Frances Wilson

Stealing the story: A Lonely Man, by Chris Power, reviewed

Crippled by writer’s block, Robert Prowe finds a devious solution after a chance meeting with the ghostwriter Patrick Unsworth

Chris Power at the Edinburgh International Book Festival, 2018. Credit: Getty Images

Robert Prowe has writer’s block. An Englishman reaching middle age, he lives in Berlin with his Swedish wife and their two young daughters: two prams in the hall, two enemies of promise. Having enjoyed some success with a collection of short stories, Robert has been commissioned to write a novel; but the submission date was 18 months ago and he now spends his mornings deleting, letter by letter, the few words he produced the day before. His stories had once come easily: they grew out of his quotidian world in the form of anecdotes passed on to him by friends, family and strangers in bars. But nothing around him will feed his present fiction and he is fast fading out of his own life. ‘R U ALIVE?’ asks his agent.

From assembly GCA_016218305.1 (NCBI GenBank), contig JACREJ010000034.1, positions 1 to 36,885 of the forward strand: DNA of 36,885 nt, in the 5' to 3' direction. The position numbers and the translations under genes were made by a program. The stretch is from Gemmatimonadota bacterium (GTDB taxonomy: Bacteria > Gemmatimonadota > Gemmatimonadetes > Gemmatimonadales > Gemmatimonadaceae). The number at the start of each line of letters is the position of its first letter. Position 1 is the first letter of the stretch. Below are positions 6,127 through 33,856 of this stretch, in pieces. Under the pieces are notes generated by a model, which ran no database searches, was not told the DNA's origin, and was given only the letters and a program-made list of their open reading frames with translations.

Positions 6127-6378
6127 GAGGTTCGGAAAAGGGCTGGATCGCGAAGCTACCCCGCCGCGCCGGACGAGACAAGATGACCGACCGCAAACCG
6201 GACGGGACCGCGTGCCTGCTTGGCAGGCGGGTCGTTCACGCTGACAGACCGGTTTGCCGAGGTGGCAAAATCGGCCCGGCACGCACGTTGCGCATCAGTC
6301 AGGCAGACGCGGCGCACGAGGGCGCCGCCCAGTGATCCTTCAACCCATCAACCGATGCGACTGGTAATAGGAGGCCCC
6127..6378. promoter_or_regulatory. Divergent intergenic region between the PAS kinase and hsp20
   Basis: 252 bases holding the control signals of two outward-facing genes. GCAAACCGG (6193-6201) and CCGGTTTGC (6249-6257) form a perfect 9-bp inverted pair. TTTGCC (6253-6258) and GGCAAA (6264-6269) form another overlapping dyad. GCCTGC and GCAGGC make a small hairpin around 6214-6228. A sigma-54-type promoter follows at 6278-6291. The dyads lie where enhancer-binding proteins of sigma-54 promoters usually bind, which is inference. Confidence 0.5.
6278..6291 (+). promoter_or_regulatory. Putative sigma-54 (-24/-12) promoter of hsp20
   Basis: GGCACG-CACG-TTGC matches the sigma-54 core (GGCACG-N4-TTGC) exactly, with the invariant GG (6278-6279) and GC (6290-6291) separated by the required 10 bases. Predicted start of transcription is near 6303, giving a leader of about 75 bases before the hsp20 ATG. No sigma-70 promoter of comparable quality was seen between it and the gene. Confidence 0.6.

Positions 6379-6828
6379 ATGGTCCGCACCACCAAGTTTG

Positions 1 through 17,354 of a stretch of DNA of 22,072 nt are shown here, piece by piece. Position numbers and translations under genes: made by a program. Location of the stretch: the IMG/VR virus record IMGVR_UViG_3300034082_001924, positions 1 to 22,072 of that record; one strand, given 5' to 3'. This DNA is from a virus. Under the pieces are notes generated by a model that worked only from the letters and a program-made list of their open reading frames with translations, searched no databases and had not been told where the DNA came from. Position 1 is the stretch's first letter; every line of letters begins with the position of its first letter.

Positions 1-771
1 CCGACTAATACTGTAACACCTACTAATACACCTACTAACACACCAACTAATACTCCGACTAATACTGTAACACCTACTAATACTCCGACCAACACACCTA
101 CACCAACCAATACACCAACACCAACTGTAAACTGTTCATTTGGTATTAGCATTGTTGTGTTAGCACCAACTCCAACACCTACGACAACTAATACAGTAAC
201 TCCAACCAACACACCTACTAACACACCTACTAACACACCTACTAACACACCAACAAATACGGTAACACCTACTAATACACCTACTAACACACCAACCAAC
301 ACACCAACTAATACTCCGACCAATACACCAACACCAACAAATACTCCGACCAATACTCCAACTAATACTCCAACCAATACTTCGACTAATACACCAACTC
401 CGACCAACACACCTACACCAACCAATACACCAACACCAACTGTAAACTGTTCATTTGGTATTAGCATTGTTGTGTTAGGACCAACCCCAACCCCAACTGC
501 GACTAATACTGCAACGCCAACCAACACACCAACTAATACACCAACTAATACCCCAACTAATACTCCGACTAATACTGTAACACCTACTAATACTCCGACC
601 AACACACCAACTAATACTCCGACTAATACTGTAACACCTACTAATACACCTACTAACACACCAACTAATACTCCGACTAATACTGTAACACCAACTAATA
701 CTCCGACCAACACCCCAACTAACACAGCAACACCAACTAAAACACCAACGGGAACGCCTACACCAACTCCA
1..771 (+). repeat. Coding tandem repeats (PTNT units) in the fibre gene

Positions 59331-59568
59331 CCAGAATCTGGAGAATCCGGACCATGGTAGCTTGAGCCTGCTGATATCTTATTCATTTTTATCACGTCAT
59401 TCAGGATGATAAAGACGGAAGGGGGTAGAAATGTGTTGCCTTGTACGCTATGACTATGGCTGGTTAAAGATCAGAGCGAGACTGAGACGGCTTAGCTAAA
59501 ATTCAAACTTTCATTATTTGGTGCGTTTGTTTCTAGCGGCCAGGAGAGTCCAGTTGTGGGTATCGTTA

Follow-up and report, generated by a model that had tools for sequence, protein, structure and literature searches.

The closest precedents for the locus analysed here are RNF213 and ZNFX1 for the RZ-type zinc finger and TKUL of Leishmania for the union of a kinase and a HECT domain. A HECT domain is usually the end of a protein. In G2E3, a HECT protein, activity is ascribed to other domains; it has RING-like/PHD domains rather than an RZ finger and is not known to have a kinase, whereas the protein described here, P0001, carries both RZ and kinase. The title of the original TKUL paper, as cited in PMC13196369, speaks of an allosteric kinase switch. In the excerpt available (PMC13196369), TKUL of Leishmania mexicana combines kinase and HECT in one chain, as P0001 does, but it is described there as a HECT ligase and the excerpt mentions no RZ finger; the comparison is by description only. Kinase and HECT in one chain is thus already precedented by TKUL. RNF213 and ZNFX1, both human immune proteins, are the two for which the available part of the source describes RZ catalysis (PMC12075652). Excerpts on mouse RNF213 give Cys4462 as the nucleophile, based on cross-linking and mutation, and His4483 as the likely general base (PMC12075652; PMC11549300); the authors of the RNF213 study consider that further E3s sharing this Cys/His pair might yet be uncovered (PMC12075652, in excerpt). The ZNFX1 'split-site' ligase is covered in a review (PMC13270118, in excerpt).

Patrick Unsworth is also a writer, but of the ghost variety, and his email address is ‘punsworth221’. Having enjoyed some success with the autobiography of a footballer, he was contracted to ghostwrite the life of a dissident oligarch called Sergei Vanyashin; but two years into the project the Russian was found hanging from an oak tree on his Buckinghamshire estate. It was recorded as a suicide, but Patrick thinks otherwise, and he now believes he is being followed by Putin’s agents.

Robert and Patrick meet by chance in a bookshop in Kollwitzkiez when they are ‘both reaching for the same book’. It’s a neat image: they will soon be writing the same book when Patrick tells Robert about his relationship with Vanyashin, and Robert, who doesn’t believe a word of it, steals his friend’s story for his own novel. At least, argues Patrick when he discovers the theft, his own subjects knew he was writing about them’.

Already a subscriber? Log in

Keep reading with a free trial

Subscribe and get your first month of online and app access for free. After that it’s just £1 a week.

There’s no commitment, you can cancel any time.


Unlock more articles



Don't miss out

Join the conversation with other Spectator readers. Subscribe to leave a comment.

Already a subscriber? Log in